Why does firstChild not return the first element?

I was writing some code the other day, and for some reason, I had no idea why this happened, but this was part of the code that I had written.

    var item = document.getElementByClass('object');
    var innerImageId = item.firstChild.id;

I went over this code a lot of times. The problem of this code is that the value of innerImageId is undefined. The firstChild of item is an image. I need to get the id of the image, but no matter how many times I went over the code, it did not work. Here is the HTML file of the code.

    <div class="object inventory-box">
        <img src="image.png" id="sample-image">
    </div>

Doesn't this seem correct? Well, I did some debugging in Google Chrome, and it turns out that there are 3 nodes in the div "object". The id of the first and the last node was undefined, but the 2nd one was "sample-image". I then tried "firstElementChild" instead of "firstChild", and this worked well.

Then just to test it out, I did something like this-

    <div class="object inventory-box">



       <img src="image.png" id="sample-image">



    </div>

(or with multiple lines of unnecessary whitespace)

but it still shows 3 nodes, the enter symbol, the div, and another enter symbol. This problem keeps occurring in Chrome, Internet Explorer and Firefox.

Can someone please explain why there are these random 2 extra nodes?

Answers:

Answer

The browser insert a text node when there are white spaces or new lines in your code. You are targeting one of those.

Try

var img = document.querySelector('.object img');
var innerImageId = img.id;
Answer

You can also use firstElementChild in place of firstChild which will skip those empty text nodes.

EDIT: Blah thanks BAM5 just not paying attention as I typed.

Answer
  1. There isn't a getElementByClass method, this is why you failed. Open console and you'll see JS error. I guess what you thought were getElementsByClassName. Note it's in plural form, and it returns an array-like.

  2. Even if you get over the first issue, you may still fail due to your markup. firstChild does return the first one among children, including the text nodes. Your better choice is firstElementChild. Or you have to write like this to avoid text node children:

    <div><img></div>
    

So, this should give what you wanted:

var items = document.getElementsByClassName('object');
var innerImageId = items[0].firstElementChild.id;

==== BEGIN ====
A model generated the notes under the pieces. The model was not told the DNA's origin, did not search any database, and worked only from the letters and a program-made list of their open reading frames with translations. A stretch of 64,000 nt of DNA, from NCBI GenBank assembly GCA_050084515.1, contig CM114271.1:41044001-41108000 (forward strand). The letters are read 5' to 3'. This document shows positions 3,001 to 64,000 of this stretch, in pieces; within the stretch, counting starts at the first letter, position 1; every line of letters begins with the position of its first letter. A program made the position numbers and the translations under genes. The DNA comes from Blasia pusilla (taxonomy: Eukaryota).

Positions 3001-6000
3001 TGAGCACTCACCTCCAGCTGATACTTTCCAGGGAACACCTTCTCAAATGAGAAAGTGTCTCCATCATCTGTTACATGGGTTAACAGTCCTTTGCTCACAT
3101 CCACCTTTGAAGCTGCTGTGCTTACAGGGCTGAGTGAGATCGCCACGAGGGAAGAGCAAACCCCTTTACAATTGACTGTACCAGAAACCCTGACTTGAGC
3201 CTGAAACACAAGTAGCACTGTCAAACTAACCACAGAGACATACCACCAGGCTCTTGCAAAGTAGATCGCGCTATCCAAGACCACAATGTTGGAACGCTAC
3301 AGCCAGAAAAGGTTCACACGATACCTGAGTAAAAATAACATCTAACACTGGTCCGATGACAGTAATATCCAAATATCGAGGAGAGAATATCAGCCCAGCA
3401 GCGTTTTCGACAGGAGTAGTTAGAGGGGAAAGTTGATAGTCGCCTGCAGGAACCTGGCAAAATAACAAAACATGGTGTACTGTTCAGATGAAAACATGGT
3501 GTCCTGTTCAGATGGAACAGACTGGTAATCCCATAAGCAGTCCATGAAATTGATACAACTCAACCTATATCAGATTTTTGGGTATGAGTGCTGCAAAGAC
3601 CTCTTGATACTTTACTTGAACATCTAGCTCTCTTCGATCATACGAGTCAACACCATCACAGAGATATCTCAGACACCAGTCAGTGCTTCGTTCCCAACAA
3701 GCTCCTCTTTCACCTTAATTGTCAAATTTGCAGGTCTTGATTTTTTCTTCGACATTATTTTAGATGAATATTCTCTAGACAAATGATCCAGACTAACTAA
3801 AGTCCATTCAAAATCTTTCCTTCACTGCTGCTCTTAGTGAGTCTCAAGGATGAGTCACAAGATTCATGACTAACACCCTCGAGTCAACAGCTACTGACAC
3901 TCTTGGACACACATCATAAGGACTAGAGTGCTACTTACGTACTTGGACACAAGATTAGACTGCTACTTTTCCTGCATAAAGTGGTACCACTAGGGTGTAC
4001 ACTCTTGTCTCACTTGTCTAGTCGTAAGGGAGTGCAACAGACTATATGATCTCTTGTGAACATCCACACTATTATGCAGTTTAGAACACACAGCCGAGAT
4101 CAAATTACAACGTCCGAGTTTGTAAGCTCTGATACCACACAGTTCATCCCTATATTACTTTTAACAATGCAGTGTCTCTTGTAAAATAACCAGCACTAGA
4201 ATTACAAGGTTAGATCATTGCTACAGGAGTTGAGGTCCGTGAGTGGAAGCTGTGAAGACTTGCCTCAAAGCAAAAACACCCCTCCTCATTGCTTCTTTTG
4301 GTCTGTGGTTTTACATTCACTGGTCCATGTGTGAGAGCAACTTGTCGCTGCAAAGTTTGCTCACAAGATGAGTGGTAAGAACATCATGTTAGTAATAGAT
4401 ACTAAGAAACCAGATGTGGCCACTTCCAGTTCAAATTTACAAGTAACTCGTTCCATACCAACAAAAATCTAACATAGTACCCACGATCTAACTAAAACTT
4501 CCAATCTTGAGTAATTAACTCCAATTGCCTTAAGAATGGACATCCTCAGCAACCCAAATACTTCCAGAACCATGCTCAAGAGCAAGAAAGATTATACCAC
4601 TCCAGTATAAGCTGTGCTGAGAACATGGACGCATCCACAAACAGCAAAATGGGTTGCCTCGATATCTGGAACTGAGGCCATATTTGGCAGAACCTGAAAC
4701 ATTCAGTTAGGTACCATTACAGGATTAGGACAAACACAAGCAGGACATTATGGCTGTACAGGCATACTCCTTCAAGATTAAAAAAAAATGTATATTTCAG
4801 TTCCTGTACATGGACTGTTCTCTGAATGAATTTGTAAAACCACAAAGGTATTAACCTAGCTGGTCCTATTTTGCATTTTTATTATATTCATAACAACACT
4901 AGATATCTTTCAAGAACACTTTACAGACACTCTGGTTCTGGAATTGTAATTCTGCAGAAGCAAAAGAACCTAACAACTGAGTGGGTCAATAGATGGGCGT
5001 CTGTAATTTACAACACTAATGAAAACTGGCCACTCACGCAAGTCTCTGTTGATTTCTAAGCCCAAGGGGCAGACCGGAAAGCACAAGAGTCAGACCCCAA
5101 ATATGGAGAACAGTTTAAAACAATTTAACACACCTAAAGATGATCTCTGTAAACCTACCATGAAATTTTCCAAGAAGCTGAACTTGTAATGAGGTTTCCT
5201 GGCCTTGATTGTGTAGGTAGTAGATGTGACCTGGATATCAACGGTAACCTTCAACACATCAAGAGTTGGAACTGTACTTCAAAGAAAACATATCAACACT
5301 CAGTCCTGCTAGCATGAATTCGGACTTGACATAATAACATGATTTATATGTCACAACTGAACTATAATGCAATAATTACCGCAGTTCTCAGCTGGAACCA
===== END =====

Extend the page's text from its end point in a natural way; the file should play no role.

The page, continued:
On the other hand, other answers pointed that querySelector can do the job, indeed. And it has a brother querySelectorAll. You could search MDN for their usages and slight difference in between.

Answer

Use firstElementChild instead of firstChild. As l. Catallo said, you may be getting a text node instead of an element.

Looks like Atheist beat me to it, but in his answer he incorrectly used firstChildElement. Would comment, but not enough rep...

Answer

I faced a similar question while I was learning DOM exploration and I observed that, when there is a space or the next tag is on the next line, the node list normally shows a text node. For Example: If I wrote my HTML code as below, and tried to get all the child nodes of the element body.

HTML Code:

<body>
    <h2> Lets Study DOM!! </h2>
    <input type = 'text' id = 'topic'> </input></br>
    <button onClick = addToList()> Click Me to Add </button>

Javascript:

console.log(document.querySelector('body').childNodes); 

The above code gave me the following output:

[text, h2, text, input#topic, text, br, text, button, text, ul#unordered, text, script]

On the other hand, if I modified my code as shown below, and then tried to print the node list, I got a different output as shown below:

HTML Code:

<body><h2> Lets Study DOM!! </h2>
        <input type = 'text' id = 'topic'> </input></br>
        <button onClick = addToList()> Click Me to Add </button>

Javascript:

console.log(document.querySelector('body').childNodes);

The above code gave me the following output:

[h2, text, input#topic, text, br, text, button, text, ul#unordered, text, script]

So clearly, the browser considers the space after the body tag as a text node.

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